She stared at it for a long time, confused. She looked up to ask the man what it meant, but he was gone. Morgan wondered if he’d ever been there, but she still held the pen, and that strange name was still written before her.
Morgan thought she should be more frightened, but now she was curious. She flipped a page over in her Big Chief tablet and thought of drawing something. Faced with so much possibility, she couldn’t actually come up with anything. So, she placed her hand down on the tablet and traced it. Then she added stick legs, eyes, beak. Sure, the hand turkey wasn’t the most creative of subjects, but it was the easiest, and what harm could it do?
But in a blink Morgan saw that her drawing had changed. Its stick legs were replaced by claws. Where there should have been feathers there were scales, and the outlines of her fingers were connected by webbing she didn’t remember drawing. And its face. Its face.
Afraid, Morgan crumpled the drawing into a tight wad. She tore all the pages out of that Big Chief tablet and crumpled every one. Those pages lay all around her in a circle of paper stones. She did the most natural thing then and ran for her grandmother’s garden spade, dug a hole beside a sycamore tree far from the house. Then she buried that devil’s drawing along with the pen. The matter, as far as she knew, was over and done.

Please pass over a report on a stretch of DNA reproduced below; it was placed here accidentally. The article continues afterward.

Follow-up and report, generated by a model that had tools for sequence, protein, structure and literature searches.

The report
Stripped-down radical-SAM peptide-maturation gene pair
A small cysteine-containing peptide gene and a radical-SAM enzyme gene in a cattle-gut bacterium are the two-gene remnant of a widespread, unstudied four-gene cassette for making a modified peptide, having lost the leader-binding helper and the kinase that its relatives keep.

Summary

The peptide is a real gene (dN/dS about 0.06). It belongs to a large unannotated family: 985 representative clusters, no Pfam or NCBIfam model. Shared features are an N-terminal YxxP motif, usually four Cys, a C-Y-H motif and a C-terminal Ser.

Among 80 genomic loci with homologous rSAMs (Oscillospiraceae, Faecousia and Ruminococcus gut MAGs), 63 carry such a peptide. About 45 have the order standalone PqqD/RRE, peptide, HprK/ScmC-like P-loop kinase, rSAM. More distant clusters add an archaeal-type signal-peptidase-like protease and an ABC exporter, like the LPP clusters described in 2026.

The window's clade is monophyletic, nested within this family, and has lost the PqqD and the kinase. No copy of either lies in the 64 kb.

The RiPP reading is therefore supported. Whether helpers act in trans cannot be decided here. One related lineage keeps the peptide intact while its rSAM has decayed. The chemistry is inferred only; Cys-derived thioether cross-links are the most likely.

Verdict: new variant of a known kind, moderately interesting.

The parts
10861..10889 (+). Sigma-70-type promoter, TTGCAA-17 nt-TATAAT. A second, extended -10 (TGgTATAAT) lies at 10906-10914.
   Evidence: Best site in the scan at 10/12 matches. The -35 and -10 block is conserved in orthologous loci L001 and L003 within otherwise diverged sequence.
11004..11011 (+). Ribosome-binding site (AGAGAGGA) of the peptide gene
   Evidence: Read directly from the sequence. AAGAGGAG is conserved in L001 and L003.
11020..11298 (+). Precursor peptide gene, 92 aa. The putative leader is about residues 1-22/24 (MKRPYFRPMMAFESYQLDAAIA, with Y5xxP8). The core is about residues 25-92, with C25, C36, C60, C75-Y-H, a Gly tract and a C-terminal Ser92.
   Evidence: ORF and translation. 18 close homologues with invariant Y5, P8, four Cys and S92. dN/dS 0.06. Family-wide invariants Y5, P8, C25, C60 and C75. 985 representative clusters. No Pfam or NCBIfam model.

Until three days after Morgan returned home to the city. The phone rang. There was crying.
“Morgan, something has happened to your grandmother,” her mother began, but the rest was a blur. Morgan knew the rest. And she knew it wasn’t a bear or anything else they told themselves either. But no one ever listened to her. No one believed. That messed her up, she told me. But she grew up. She healed.
Morgan told me this on her last day of work. She’d given only a few days’ notice–and she’d given it on a day when the news flashed back-to-back stories on the latest Bearspaw Creek maulings. Everyone wanted to know why she was leaving–she was well-liked–but she told them only that it was a family matter. I wanted to know why she confided the truth–or the truth as she saw it–in me. We were friendly but not particularly close. Then again, who was Morgan close to? She never spoke of anyone.